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Filam winners, losers

filam-winners-rodel-rodisp6.gif WASHINGTON D.C. – Only one Filipino American woman candidate out of seven who ran on Nov. 4 prevailed while two other Filipino Americanmen who also ran for election also lost, according to reporter Joseph G. Lariosa in Chicago.
Cheryl Moss was re-elected to another six-year term as District Judge of District 8, Family Division, Department I of Las Vegas , Nevada . She collected 314,571 votes or 68.48% to beat her challenger, Greta G. Murhead, who polled 144,811 votes or 31.52%.
The other others who lost were Chicago-area real estate lawyer Democrat Aurora Abella Austriaco, who garnered 17,621 votes or 45% against Republican Rosemary Mulligan, who tallied 21,200 votes or 55% to keep her post as State House Representative of the 65^th District of Illinois; and Republican Conchita Applegate, who got 16,264 votes against incumbent Democrat Fiona Ma 80,929 votes to keep her grip on California’s State Assembly – District 12.
Also losers were Mitz Lee, who had 114,334 or 45% in her failed re-election bid to keep the San Diego (California) Unified School District Board seat from John Lee Evans who polled 136,121 votes or
54.35%; Ditas de los Santos Yamane and Filipino American gentleman Fideles Ungab, who both lost by placing a distant fourth and sixth by polling 1,911 votes or 13.79% and 1,467 votes or 10.50%, respectively, in a field of eigth candidates vying for two vacant slots in the city council of National City, California.
Ms. Myrna Lim lost also by placing third among eight candidates for the Board of Supervisors, District 11, of San Francisco, California, tallying 2,392 or 16.48% that was led by John Avalos with 4,371 or
30.12% and Ahsha Safai with 3,562 or 24.54%.
While Noelani Sallings also lost when she placed third with 9,237 votes or 24.40% for the Santa Clara Unified School District TA 2 in California that was led by Albert Gonzales with 13,776 votes or 36.40% and Don Bordenave with 9,745 votes or 25.75%.
The only other male Filipino American candidate to have lost is prominent lawyer Rodel Rodis, who lost in his re-election bid to be a member of the Community College Board of San Francisco. Mr. Rodis placed seventh with 35,319 votes or 7.86% among the 10 candidates vying for the top four slots.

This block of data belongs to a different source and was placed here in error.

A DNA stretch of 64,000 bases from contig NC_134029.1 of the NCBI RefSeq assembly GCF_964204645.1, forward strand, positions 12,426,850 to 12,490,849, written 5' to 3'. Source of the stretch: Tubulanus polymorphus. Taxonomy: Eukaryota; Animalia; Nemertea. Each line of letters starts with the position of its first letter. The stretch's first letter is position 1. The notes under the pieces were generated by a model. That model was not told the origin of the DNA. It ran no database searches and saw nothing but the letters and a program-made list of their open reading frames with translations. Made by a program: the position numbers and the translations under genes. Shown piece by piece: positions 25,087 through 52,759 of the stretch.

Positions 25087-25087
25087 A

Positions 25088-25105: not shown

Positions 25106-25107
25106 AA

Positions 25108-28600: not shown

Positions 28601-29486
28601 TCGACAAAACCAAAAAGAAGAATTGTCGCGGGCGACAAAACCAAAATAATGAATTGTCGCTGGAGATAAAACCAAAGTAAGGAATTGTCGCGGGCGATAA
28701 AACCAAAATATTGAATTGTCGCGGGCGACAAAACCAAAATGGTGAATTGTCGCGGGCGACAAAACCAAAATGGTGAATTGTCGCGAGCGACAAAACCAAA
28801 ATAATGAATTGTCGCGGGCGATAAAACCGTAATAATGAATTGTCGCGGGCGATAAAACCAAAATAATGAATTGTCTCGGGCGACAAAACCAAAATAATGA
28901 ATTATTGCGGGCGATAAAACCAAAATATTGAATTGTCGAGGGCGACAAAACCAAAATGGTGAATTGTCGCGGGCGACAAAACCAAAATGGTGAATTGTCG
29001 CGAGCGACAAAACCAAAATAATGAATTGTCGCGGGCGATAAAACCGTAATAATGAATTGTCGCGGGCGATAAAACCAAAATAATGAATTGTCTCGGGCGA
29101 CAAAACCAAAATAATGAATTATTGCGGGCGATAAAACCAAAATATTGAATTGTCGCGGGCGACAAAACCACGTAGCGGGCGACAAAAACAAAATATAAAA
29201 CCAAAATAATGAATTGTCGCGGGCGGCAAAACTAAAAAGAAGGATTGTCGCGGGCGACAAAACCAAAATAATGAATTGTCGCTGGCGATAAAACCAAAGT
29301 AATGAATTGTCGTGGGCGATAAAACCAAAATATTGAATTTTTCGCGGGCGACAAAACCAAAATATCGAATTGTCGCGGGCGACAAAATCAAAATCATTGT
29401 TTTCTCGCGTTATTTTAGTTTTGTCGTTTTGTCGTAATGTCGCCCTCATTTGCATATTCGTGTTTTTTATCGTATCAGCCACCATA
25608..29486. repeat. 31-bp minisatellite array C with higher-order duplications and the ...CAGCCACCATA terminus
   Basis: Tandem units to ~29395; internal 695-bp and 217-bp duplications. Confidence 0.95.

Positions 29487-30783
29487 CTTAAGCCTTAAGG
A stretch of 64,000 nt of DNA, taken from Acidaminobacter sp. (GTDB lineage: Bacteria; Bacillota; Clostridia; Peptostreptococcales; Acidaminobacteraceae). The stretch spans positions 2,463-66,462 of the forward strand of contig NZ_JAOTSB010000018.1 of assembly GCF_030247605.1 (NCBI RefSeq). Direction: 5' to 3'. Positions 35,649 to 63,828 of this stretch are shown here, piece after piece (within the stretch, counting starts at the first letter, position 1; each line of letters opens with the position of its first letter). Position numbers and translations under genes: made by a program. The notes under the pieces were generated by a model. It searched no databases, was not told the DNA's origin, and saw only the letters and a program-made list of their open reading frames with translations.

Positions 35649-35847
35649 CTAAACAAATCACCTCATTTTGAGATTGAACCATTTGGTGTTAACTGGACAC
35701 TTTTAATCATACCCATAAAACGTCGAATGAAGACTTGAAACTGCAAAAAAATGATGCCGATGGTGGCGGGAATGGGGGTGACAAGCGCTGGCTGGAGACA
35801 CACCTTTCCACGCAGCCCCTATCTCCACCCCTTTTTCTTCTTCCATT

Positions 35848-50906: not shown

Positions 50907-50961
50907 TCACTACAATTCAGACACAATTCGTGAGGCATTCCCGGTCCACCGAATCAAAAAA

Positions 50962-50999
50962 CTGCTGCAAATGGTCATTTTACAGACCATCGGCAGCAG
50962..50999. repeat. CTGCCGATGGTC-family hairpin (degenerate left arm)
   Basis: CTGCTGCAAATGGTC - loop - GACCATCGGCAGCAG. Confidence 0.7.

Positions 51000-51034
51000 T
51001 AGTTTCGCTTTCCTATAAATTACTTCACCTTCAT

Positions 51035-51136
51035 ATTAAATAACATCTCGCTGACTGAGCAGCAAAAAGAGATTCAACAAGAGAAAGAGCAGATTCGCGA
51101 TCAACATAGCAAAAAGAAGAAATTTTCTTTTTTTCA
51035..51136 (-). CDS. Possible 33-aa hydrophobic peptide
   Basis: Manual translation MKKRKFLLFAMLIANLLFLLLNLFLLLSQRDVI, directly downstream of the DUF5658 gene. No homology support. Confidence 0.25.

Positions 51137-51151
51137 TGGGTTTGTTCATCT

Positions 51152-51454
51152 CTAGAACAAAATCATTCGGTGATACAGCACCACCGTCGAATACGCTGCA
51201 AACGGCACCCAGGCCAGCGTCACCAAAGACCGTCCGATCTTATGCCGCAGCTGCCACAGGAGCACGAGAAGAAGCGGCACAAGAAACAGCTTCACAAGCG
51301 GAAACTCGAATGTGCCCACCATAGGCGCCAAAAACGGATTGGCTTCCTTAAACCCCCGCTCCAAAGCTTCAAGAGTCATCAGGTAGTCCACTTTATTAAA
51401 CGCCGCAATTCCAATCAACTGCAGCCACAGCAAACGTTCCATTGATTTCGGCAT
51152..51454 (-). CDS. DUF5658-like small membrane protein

Although he lost, Mr. Rodis said in his column that he is consoled that Sen. Barack Obama won as U.S. President.
“But I honestly don’t feel too bad about my loss because Barack Obama won. For my sons, his victory was far more important than mine.
“There were 10 Filipino American candidates who ran for public office in the San Francisco Bay Area and I believe all of us lost.” Rodis said.
“For many of the candidates, it was sore lack of funding. The Filipino community does not yet understand the political culture of American politics where money is its “mother’s milk”. Filipinos would rather spend money gambling in casinos than in supporting political candidates.”
“In my case, the explanation for my loss can be found in the question I posed in a recent column “Daly’s City?”. The answer turned out to be a resounding “Yes”. Supervisor Chris Daly targeted me for defeat and he prevailed. The three district supervisorial candidates he backed (Eric Mar, David Chiu and John Avalos), who were labeled as his “puppets” in a TV campaign commercial, were all elected. The candidates he backed for the College Board also won.” (lariosa_jos@sbcglobal.net) In San Diego, reporter Romeo Marquez said the much-vaunted “Filipino voting block” dissipated under the weight of petty intramurals and unresolved issues, bringing with them the political downfall of the only three Filipino candidates in public offices in the cities of San Diego and National City.
The squabbles were pretty evident in National City, a small Navy town south of San Diego where Filipinos comprise 18 percent of the population. Here, seven candidates, two of them Filipinos, vied for two seats in the city council.
When the counting of the votes in the Nov. 4 elections ended at the crack of dawn on Wednesday, the Filipino candidates — Mitz Lee, Ditas Yamane and Fideles Ungab — were nowhere near the winning slate.
Lee, originally from Quezon province, conceded her defeat hours after it became clear she wasn’t going to keep her post as a trustee of the San Diego Unified School District for another four years.
Yamane, on the other hand, coasted smoothly to second place in the early hours of the counting Tuesday night. By dawn, her standing fell two notches lower and the final unofficial count showed that she had amassed only 1,911 votes, or 13.79 percent of the total, to land fourth in a seven-way race for two seats in the city council of National City.

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